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Perfectionist Finds Peace with Christian Faith

Emily longed for approval and acceptance and as a college student she dabbled in false religions. Read Transcript


I was the kind of person who would

rather be in a lower level of class and get an A

than be in a higher level of class and get a B,

because I couldn't handle the idea of not being the smartest

kid in the room.

NARRATOR: Emily Armstrong usually

was the smartest kid in the room.

She was labeled gifted in the third grade, which

she says trapped her between two extremes.

How that affected me was, I did vacillate

between thinking I was fantastic and then

having tremendous anxiety when I didn't live up

to my own expectations.

NARRATOR: Emily says the pressure

she felt was self-imposed.

I think as a measure of value.

How valuable am I to society?

How valuable am I to the people around me?

I have to be this way.

So that I will be loved and appreciated and cared for.

NARRATOR: Out of those beliefs grew a need

for academic perfection.

By high school Emily also craved some kind of framework

for life, and explored religion.

She discovered the Baha'i faith in college,

which fit into her view of how things should be.

The idea of having a one-world order

a one-world universal language, one-world religion

and one-world government, it seemed perfect.

NARRATOR: But trying to keep all the rules showed her

she wasn't perfect.

The longer I was a Baha'i, I found out,

oh apparently we're supposed to do ceremonial hand-washing.

We're supposed to be doing ablutions.

I don't know how to do that.

And particularly when Aaron came along,

the whole chastity thing went out the window.

And that was another thing I wasn't good at.

I tried to keep this idea in my head that, you know,

I was this awesome, smart, amazing person,

and that wasn't lining up with reality.

And that was starting to be really hard for me.

NARRATOR: Emily felt like a failure,

so she gave up on Baha'i, and moved in with Aaron.

I just wanted to be with my boyfriend

and have fun in college, and I just

wanted to not care anymore about being perfect.

I wasn't interested in anything to do with religion,

or God, or spirituality.

NARRATOR: A few years later, a friend

invited them to a Christian discussion group called Alpha.

They went solely for the free food.

After those 10 weeks we went, well, that's great for them.

Good for you guys.

Thank you for sharing.

NARRATOR: Still, the course made Emily think about eternity.

I was starting to get the concept of Jesus' sacrifice

and what that means, and the idea that, no, I'm actually not

good enough to get into heaven on my own.

NARRATOR: Aaron got nothing out of the course,

but wanted to poke holes in his Christian friends' beliefs,

so he bought a Bible.

The Jesus that I saw there was nothing

like any sort of caricature that I'd seen in any sort of media--

a very passionate individual, a very authoritative individual.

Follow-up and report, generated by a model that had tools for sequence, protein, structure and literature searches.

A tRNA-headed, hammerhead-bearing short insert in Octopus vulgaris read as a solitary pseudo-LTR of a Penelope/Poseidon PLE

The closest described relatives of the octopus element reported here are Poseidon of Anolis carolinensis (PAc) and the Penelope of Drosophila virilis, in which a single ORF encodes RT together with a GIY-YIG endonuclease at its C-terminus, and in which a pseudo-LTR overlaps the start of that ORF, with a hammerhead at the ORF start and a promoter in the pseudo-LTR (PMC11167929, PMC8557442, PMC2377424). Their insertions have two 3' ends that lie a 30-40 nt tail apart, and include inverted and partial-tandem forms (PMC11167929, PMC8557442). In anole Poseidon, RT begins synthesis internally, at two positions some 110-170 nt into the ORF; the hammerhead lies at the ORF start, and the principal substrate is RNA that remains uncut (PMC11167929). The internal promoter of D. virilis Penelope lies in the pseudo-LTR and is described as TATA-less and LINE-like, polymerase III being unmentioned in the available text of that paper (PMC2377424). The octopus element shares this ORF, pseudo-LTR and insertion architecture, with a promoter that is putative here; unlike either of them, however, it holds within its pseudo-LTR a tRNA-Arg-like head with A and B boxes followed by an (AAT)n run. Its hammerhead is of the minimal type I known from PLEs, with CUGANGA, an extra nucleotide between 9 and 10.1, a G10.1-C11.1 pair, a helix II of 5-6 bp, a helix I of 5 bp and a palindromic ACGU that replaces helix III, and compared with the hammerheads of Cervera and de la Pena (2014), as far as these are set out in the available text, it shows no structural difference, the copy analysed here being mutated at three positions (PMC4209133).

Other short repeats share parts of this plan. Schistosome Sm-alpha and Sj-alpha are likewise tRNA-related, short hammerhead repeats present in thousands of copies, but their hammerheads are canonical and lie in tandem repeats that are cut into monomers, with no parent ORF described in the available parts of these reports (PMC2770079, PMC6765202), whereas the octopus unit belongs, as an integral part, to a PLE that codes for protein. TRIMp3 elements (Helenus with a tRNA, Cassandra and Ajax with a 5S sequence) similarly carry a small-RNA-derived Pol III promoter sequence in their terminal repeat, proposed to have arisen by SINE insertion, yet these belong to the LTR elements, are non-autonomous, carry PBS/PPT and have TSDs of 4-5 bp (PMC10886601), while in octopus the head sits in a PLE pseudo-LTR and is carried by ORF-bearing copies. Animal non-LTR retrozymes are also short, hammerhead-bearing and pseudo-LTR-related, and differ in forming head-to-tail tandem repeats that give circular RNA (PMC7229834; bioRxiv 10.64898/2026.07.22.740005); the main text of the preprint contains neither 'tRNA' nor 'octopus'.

Is this guy telling the truth and if so what

does that actually mean for me?

NARRATOR: Emily decided to read it, too.

Because he was doing it, I thought, OK. well we

could talk about it together.

It will be a fun intellectual exercise.

NARRATOR: It was then they both noticed some strange things

starting to happen.

I would get hang-up call, after hang-up call,

after hang-up call.

I would start to see shadows in the corner of my eye,

as if someone was there and had just moved out of view,

and I was starting to really be concerned

about my mental health.

NARRATOR: Over the next few weeks it got worse.

Aaron heard voices.

You're not his.

He won't save you.

You're ours-- that kind of thing.

I'd wake up actually with scratches in places

that I couldn't have made them.

NARRATOR: They were afraid but didn't know what to do.

One night something woke them both.

It was like there was a thick blanket of evil in the room.

He was half up off the bed, and it really did look like someone

was lifting him up.

I actually felt myself fall down into my bed.

NARRATOR: --Which terrified them.

Emily decided to pray for more than a rescue.

That's when I really started thinking

about what we had learned in Alpha,

and the things in the Bible, what the Bible says about-- you

can't get out of this on your own.

I need Jesus, because I can't be the awesome person

that I thought that I could be.

I realized that I was a sinner, and there

was no way I was going to get to heaven on my own.

And then I waited to see what Aaron would do.

It was a very, very long 12 seconds.

And it really was this moment where I had to, had to admit,

OK, Jesus, you are who you say you are.

You are God.

You are the creator of this universe.

You are the ruler of this universe.

I have been in rebellion against you,

and I need to repent of that, and forgive me for that,

and please save me from all of this.

And he did save me.

And that feeling lifted from me, that feeling of oppression.

NARRATOR: Emily and Aaron soon found a church,

got counseling from the pastor, and months later, married.

10 years and 3 children later, they're

grateful that God showed them who he really is,

and that only he can be perfect.

So ultimately the thing that he has given me that I most needed

is redemption and adoption into his family.

And that is huge for me.

I have a piece that I didn't have before,

and, and I know what is true.

I think that because I know that Christ is who he says he is,

it makes the rest of the world make sense.

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